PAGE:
Heritage House & Garden

Heritage House

The building now known as the Heritage House was built about 1870 as an attachment to the log cabin home of original property owner Frederick Raths. Raths emigrated from Germany in 1853 and purchased the Woodbury property in 1866. This addition was used by the Raths family as a kitchen and living quarters. Over the years, it has also been used as living quarters for farm hands, and as a washing room and utility room.

In 1895 the log cabin was torn down when Henry Raths, son of Frederick, built a new home. The addition was then moved north of the new house where it remained until 1993. Jacob and Lizzie Stutzman bought the farm from Henry Raths and his wife Rebecca in 1903. Herbert Stutzman (son of Jacob), and wife, Laura, became owners in 1919 and worked the farm with their two sons Roy and Warren. In 1951, Wendell and Borgie Thompson rented the farm and operated it until 1993.

In 1993 the Stutzman family farm on Radio Drive at Lake Road in Woodbury was sold to developers. Woodbury Community Development Director Dwight Picha recognized that one of the farm buildings was a good example of the structures built in the earliest days of Woodbury’s settlement and was worthy of preservation. He initiated a cooperative effort with the developer, who agreed to donate the building to the city. The Woodbury Heritage Society stabilized and restored the building.

In the fall of 1993, the building was relocated to a temporary spot north of its original site until its final move. Beginning in spring 1995, our members, Boy Scouts, and other volunteer workers have replaced the roof, repaired the chimney, patched siding, painted the exterior and interior, fenced the yard, built a handicapped access, installed new windows and doors, and added a small entry porch.

Come visit Us!

 The Woodbury Heritage Society invites you to round out your summer activities with a visit to the Woodbury Heritage House and Gardens located on the corner of Radio Drive and Lake St.

Come meet our cow and try your hand at “milking” her (it’s harder than it looks, but you won’t get kicked back. We also have some wonderful games from the past that was made by an eagle scout. These latest additions to our exhibit help to highlight the importance of the farming life from Woodbury’s past. Come join us the 2nd or 4th Sunday during summer months.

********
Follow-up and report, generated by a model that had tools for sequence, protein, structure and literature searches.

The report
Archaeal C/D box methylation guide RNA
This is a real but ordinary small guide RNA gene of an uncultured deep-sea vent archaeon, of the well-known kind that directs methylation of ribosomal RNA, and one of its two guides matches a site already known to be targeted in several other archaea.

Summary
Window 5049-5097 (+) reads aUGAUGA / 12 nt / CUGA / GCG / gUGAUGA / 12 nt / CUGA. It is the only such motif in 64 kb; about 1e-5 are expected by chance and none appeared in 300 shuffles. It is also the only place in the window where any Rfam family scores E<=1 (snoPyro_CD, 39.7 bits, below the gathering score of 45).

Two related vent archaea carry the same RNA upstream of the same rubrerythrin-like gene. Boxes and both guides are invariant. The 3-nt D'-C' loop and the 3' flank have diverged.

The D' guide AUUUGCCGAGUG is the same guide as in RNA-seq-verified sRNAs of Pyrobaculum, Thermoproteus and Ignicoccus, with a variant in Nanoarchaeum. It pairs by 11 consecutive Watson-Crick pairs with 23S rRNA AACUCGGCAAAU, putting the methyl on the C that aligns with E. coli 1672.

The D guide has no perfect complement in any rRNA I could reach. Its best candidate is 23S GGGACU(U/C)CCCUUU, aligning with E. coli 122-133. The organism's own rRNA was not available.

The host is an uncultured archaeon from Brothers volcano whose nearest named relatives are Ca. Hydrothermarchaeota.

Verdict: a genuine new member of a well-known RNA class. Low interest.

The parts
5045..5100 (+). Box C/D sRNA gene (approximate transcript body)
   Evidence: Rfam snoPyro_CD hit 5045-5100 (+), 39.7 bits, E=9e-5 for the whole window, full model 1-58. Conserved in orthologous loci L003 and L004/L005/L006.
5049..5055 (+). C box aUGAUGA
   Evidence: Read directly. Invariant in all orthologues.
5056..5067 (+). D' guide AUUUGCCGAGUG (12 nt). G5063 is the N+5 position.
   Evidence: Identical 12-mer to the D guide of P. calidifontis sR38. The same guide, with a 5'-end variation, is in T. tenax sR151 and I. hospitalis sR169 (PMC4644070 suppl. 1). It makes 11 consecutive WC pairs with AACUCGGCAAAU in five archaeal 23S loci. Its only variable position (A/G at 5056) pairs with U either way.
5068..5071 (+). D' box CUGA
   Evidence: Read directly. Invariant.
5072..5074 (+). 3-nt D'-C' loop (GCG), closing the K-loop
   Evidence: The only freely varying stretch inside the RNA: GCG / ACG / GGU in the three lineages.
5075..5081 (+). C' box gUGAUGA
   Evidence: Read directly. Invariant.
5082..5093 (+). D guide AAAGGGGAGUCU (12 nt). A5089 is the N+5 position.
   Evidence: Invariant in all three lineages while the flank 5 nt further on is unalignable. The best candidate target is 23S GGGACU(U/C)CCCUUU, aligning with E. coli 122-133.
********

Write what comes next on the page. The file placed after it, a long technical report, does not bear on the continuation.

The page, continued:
The Garden

A perfect complement to Woodbury’s Heritage House is the garden just outside the front door. This was part of the European tradition the settlers brought with them. Much of Woodbury’s history revolved around gardening and work on the land. The early apple orchards, truck farms, grain crops, family vegetable plots, and the flowers were, and are, very important to the human spirit.

The Heritage Garden has several themes, the local heirloom plants, the vegetable garden, the trees, and the butterfly garden. Vital to our garden is our commitment to the use of natural methods both for growing and for reducing plant pests, avoiding chemicals as much as possible.

We realized that it was important to preserve the garden plants which grew on our early farms. We asked members and friends to donate a plant slip or a plant that had been grown for years on their land. Many people have been excited to share their plants which were traditions in early gardens, making our garden a living museum of Woodbury’s past.

In our efforts to return to an 1870s era with our garden, we have planted heirloom seeds that represent many of the crops that would have been grown by Woodbury’s earliest settlers. Sunflowers, corn, barley, potatoes, tomatoes, pumpkins and cucumbers are some of the recent garden crops.

Since Woodbury farms had so many fruit and shade trees in the early years, we have planted examples of some of the traditional favorites. Many of these trees were purchased as memorial gifts to the society. We are grateful for these thoughtful, living memorials.

Our butterfly garden, dedicated in 2008 to Bernice Bielenberg, is planted with native flowers which attract butterflies.

Our garden is maintained by volunteers, and we are always looking for more! Please contact our office if you or your group would like to help. Many hands make light work.

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